The Labour Market and Economic Performance of Canada’s First Nations Reserves: The Effect of Educational Attainment and Remoteness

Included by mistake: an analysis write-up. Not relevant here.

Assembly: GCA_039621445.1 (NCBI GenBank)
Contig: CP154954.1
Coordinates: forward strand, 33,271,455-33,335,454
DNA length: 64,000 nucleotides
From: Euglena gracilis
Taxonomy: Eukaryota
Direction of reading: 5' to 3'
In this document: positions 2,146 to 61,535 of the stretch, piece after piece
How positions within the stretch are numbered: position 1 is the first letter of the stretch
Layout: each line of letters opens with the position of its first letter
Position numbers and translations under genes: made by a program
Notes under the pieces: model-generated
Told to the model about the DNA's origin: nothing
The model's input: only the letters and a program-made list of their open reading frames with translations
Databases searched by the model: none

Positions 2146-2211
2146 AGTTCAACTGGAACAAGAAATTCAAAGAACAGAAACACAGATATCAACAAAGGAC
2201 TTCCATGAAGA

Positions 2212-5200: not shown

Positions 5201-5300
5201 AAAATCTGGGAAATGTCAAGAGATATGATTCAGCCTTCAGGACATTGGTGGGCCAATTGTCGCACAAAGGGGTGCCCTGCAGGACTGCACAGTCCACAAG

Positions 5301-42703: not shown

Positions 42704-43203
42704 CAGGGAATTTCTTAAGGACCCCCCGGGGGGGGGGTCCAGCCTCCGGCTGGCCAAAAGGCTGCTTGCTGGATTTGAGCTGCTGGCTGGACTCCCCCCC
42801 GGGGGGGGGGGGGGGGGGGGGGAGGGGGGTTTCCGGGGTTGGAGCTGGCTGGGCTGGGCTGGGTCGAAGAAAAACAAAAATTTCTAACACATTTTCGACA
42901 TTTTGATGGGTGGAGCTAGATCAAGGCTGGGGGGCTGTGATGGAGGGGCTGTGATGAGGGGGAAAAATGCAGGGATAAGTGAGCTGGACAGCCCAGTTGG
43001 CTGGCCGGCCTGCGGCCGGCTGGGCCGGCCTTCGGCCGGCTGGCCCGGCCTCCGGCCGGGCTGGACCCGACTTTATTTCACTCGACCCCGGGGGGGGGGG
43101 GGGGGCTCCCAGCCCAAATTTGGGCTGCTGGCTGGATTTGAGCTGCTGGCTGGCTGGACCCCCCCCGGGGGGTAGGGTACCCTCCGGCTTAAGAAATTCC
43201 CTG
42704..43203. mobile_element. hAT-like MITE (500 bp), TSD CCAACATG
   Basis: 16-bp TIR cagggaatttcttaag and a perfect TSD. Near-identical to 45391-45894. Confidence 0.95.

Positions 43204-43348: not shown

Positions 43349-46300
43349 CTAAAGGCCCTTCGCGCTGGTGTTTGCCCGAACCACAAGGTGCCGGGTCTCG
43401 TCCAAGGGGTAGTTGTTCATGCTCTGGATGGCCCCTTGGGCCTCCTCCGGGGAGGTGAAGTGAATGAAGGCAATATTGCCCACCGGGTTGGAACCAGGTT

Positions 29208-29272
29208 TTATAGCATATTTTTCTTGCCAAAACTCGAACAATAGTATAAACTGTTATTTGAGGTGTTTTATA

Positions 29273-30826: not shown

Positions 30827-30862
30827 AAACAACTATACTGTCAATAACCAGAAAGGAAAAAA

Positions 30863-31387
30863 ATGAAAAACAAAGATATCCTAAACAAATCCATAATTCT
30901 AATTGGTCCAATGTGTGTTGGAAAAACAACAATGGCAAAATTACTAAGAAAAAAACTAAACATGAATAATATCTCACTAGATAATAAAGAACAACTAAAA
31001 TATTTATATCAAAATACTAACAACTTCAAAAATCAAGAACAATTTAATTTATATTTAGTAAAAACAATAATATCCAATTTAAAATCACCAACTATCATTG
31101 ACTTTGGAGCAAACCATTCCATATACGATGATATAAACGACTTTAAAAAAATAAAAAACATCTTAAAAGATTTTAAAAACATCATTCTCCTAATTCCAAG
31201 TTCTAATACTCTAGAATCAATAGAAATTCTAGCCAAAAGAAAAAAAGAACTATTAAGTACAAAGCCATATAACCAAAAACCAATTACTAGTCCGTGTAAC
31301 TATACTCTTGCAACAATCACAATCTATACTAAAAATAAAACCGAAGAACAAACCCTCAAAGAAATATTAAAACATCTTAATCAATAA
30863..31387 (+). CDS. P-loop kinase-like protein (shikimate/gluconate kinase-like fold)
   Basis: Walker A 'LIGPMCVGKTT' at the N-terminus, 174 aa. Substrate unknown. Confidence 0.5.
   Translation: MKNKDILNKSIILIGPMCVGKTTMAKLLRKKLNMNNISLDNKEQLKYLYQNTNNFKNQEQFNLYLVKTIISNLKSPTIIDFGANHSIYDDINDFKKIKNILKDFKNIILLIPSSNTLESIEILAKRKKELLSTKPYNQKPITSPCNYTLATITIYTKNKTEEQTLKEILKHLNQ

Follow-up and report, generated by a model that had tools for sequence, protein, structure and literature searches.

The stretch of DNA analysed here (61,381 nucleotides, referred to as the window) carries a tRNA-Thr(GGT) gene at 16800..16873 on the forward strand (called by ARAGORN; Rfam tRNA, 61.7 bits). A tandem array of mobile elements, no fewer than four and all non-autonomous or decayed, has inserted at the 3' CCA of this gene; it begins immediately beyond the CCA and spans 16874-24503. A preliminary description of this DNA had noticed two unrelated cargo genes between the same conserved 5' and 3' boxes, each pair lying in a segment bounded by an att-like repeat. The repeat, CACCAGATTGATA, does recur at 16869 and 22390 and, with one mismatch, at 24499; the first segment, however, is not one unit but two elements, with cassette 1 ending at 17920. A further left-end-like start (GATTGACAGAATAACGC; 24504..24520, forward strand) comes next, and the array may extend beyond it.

The goal of this report is to investigate the relationship between educational attainment, remoteness, and labour market and economic performance at the reserve level for Aboriginal Canadians. The report uses reserve-level data on average earnings, GDP per capita, labour market indicators and distance to a service centre for 312 reserves. Using descriptive statistics, simple correlation and multiple regression analysis, the report draws conclusion on four important questions. First, the report finds that a higher level of educational attainment, on average, has a positive effect on the labour market performance of a reserve. Then, a positive link is found between educational attainment and economic performance (average earnings and GDP per capita). Also, the report finds evidence that remoteness of a reserve plays a role in its labour market and economic performance. Specifically, reserves situated near urban centres fare better than the ones in rural/remote areas and those not connected by road to a service centre all year long (special access). However, when controlling for characteristics of reserves, the very remote reserves seem to fare better than expected in comparison to urban reserves. Yet, when an instrumental variable is used to account for the possibility that educational attainment is endogenous in the model, the remoteness of a reserve appears to play no role in determining reserve labour market or economic performance. Finally, the report also analyses the role of governance on labour market and economic performance. It finds that better governance is correlated to better labour market performance, higher average earnings and higher GDP per capita.
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